Devendra Banhart - Smokey Rolls Down Thunder Canyon

2008-02-13 08:12
Then he surfs between country rock whimsy (“Old Bean”), hippie Beatle ballad blues ("Bad Girl"), lysergic folk trips (“Sea Side”) and an odd blancmange of 50s doo-wop and Jewish exotica (“Shabop Shalom”). Not to mention a bizarre garage rock hallucination about meeting Satan in the Amazon (“Tonada Yanomaminista”), a stoner Latino-rock samba ("Carmensita"), an evangelical gospel choir church jam (“Saved”) and some faux 70s Blaxploitation soul funk ("Lover"). Phew! Does anything actually glue such an obsessive compulsive conflation of styles together?
Of course. The cheese, remember? Plus, Banhart's more than a bit of a fan boy. Portuguese crooned ballads "Rosa" and "Samba Vexillographica" (featuring The Black Crowes' Chris Robinson) both embrace the erotic ennui of a Caetano Veloso or Gilberto Gil - but without ever trying to clone the Tropicalia kings’ existential crises. And then there’s "Sea Horse". Kissed with some winsome backing harmonies by folk muse Vashti Bunyan this eight-minute marathon morphs from an acoustic folk fairytale into a psyched out rock jam that sounds uncannily like Jerry Garcia jamming Dave Brucbeck’s Take Five” with The Doors. It’s surreal. It’s superb.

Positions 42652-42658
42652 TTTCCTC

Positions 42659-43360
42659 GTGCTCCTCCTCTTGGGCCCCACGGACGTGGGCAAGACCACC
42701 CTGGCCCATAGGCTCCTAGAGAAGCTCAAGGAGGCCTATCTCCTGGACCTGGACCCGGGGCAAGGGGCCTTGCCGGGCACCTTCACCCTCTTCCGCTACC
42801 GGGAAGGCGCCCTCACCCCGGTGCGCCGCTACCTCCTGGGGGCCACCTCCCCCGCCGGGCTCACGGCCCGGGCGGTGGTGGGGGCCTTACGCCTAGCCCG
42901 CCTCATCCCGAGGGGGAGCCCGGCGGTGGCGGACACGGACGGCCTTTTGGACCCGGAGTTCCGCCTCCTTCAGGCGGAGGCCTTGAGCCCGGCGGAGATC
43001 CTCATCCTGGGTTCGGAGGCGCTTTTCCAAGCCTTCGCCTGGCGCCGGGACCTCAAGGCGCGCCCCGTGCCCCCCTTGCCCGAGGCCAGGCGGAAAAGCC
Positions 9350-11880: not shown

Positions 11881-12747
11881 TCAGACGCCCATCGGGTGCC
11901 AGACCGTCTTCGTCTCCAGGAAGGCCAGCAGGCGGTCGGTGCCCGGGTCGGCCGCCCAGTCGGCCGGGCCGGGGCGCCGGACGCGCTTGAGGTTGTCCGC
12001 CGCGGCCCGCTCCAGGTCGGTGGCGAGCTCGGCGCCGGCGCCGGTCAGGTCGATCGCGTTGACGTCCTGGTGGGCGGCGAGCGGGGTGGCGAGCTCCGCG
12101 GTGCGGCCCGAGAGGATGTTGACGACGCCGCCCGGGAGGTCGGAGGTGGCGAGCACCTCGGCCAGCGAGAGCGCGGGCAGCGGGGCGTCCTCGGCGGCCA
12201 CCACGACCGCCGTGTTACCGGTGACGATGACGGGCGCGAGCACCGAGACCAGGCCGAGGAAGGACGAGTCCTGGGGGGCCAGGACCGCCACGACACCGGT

- Miles Keylock

Forget the ‘new Weird Americana’ clichés. Devendra Banhart has. Hell, he’s so frustrated by the freak folk troubadour tag critics slapped on him that he’s hired an electric band and gone genre-surfing. "Cristobal" is an uncomfortable little pace setter. While it’s hand-woven chamber pop clearly telegraphs Banhart's love for Brazilian Tropicalia, it’s the soft porn-stringed spectre of the “Emmanuelle” theme song that ultimately seduces you with…its cheese.

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